Is This Healthy Bread Fad Worth The Effort?

Using house-milled wheat flour that costs $1.40 per pound (as opposed to the 20 cents/lb for normal “white” flour), and has shelf life of just about a week, may seem like an unnecessary complication for something as basic and beloved as bread. But several bakeries and restaurants around the country are making the shift to doing just that.

Source: Is This Healthy Bread Fad Worth The Effort?

When did 11th century baking become the new hotness? What’s next, retting home-grown flax to make linen?

It’s healthy as long as it doesn’t have gluten. Because if I’ve learned one thing about food, it’s that gluten is evil and bad for everyone. Also, if it’s not organic, then what’s the point? Non-GMO, organic, gluten free, whole grain bread is all I eat.  You don’t eat lactose free bread? You might as well poison yourself with cyanide right now.

Archaeologists Discovered a 5,000-Year-Old Beer Recipe in China

Step aside with your claims to long legacies, craft breweries! This reconstructed beer recipe is over 5,000 years old. It’s the earliest beer recipe—and the earliest known use of barley—in China.

Archaeologists at Stanford University, while digging along China’s Wei River, made an intriguing discovery: A marvelously complete set of brewing equipment. And at the bottom of that equipment was something even more wonderful: Residue from the drink it once brewed.

Source: Archaeologists Discovered a 5,000-Year-Old Beer Recipe in China

Tubers…freaking Tubers… And it still tastes better than Bud lite.

Along a similar line, Dogfish Head Brewery had a collaboration with a biomolecular archaeologist who was able to reverse engineer an ancient Chinese beer from residue in pottery from the Jiahu culture. The beer is about 9000 years old, making it one of the oldest (if not the oldest) known beers in the world.  If you have a local Dogfish Head Brewery distributor, you can buy bottles of this “Chateau Jiahu”, the modern recreation of a 9,000 year old beer and try it out.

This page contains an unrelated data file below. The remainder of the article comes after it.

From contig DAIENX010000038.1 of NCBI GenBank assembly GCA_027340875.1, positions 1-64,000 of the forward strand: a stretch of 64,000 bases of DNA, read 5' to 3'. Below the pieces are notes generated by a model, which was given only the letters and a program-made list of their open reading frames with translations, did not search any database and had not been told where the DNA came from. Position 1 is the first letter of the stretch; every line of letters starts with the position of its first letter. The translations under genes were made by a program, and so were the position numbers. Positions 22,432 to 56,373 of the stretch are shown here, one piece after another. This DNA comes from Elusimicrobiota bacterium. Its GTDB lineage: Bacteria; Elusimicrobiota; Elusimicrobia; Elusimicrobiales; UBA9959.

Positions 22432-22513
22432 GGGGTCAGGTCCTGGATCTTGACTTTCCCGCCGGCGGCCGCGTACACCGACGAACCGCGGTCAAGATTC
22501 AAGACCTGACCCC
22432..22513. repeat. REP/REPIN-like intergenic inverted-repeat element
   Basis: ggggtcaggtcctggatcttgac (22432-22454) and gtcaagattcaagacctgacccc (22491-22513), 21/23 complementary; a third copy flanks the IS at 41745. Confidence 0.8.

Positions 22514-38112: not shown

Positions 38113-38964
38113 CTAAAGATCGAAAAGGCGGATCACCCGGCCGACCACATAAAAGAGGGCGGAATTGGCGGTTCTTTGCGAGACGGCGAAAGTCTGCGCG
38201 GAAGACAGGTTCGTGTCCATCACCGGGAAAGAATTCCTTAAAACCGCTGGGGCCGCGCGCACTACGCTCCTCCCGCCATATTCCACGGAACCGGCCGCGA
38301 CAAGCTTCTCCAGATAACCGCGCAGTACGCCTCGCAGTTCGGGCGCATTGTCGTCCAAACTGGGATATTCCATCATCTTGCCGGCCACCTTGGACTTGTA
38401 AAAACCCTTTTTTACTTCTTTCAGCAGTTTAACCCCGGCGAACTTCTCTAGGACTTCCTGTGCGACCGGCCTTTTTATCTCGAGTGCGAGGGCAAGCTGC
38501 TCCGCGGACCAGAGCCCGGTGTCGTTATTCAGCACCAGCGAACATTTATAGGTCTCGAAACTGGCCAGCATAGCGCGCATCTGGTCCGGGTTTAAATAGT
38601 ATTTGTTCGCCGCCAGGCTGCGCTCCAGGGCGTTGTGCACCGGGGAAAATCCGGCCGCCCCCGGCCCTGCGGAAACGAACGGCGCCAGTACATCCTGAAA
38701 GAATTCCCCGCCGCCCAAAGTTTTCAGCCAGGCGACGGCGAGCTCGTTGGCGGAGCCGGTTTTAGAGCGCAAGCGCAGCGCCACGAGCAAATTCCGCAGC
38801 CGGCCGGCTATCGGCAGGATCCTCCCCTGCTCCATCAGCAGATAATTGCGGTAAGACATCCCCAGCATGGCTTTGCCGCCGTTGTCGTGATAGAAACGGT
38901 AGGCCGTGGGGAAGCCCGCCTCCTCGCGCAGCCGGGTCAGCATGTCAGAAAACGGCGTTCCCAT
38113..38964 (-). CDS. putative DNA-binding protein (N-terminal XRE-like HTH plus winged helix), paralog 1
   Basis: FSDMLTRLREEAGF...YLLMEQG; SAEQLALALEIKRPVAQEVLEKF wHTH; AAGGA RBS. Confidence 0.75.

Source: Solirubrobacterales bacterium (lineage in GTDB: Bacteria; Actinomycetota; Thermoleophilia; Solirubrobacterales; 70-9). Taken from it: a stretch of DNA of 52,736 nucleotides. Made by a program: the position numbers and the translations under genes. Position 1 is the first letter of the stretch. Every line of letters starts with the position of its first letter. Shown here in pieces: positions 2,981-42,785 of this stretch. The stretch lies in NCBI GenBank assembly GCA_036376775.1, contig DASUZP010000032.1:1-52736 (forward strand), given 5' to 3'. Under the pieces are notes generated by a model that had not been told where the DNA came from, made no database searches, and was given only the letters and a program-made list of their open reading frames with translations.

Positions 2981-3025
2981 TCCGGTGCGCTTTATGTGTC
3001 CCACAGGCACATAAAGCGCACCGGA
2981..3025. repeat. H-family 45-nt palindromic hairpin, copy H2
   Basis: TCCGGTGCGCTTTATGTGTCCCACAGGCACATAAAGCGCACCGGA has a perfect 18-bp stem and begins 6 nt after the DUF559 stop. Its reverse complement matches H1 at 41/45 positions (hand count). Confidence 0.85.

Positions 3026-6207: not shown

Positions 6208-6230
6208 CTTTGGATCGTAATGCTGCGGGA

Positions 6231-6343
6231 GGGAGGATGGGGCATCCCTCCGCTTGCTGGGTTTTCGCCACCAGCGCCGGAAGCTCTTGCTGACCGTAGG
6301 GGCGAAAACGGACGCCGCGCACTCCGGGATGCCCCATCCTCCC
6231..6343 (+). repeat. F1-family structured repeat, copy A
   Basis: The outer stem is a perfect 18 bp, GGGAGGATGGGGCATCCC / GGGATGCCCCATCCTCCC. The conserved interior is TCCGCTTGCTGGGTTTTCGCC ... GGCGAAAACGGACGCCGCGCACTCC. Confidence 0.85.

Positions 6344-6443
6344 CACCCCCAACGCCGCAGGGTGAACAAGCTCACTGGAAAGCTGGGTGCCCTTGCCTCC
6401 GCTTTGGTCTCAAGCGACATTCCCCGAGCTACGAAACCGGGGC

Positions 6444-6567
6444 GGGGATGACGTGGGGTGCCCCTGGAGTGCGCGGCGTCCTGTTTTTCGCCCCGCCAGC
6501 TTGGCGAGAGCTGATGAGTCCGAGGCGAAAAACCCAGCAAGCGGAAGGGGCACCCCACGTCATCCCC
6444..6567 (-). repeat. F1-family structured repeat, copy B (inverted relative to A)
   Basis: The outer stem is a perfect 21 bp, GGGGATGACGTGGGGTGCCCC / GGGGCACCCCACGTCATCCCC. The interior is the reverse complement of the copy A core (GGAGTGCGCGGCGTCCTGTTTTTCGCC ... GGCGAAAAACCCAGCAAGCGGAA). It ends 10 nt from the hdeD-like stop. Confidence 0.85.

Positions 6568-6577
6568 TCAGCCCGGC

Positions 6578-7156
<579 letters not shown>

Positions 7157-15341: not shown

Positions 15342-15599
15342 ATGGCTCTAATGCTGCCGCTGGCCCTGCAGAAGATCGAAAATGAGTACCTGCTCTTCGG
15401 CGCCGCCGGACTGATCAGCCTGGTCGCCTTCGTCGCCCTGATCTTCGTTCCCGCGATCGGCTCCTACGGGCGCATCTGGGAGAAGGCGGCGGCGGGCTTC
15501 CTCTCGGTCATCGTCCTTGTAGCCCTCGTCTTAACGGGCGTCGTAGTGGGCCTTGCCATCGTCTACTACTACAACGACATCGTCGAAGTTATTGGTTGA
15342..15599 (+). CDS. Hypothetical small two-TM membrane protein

Use Chickpea Liquid to Make the Fluffiest Egg-Free Pancakes Ever

Recipes and techniques generally advance in baby steps. It’s rare that you find a technique so far out of left field that it changes the way people think about food overnight. Sous vide cooking is up there, as is no-knead bread. In the world of vegan cuisine, nothing has shaken things up like aquafaba—the recently coined term for the liquid inside a can of cooked beans. It’s the kind of technique that’s so mind-blowingly simple that I’m amazed nobody discovered it until just a couple of years ago.

Source: Use Aquafaba to Make Extra-Light, Fluffy Egg-Free or Vegan Pancakes

I discovered aquafaba with a recipe for two ingredient meringues a few months ago. It has since nearly completely replaced my use of prepackaged egg substitutes. I am eating a lot more chickpeas now as a result. I’ve also found that canned chickpeas freeze well and defrost quickly.

Quaker Oats Is Being Sued Because People Still Don’t Know What ‘Natural’ Means

Quaker Oats is being sued over the big “100% Natural” label on the front of its box. What else is in that bucket o’ oats that makes the label a lie? Nothing, say the plantiffs—it is, indeed, just oats. Their complaint is that the oats were grown using pesticides. That, they claim, should be sufficient to keep the natural label off it.

Source: Quaker Oats Is Being Sued Because People Still Don’t Know What ‘Natural’ Means

But they do have a definition for “organic” which is what the plaintiffs evidently think Quaker Oats is claiming to be even though it’s not anywhere on the label.

There’s no medical evidence that eating non-organic Quaker oats, or any other conventionally-grown food, is unhealthy or harmful at all.  Stop worrying about whether food is “organic” or not, and quit eating so much fucking salt and sugar, people. THAT is what makes you unhealthy.

Don’t Feed Babies a Ton of Rice Cereal, Says FDA

It’s a cereal killer. 🙂

Rice cereal is a popular first food for babies. It’s also kind of high in arsenic, says the Food and Drug Administration, so if your kid gets a steady rice cereal diet, it’s time to diversify.

Source: Don’t Feed Babies a Ton of Rice Cereal, Says FDA

Boiling it and discarding the water (like how you make pasta) reduces the arsenic content, so that might help. The FDA’s fact sheet has some more info.  I’ve covered arsenic in rice in the past.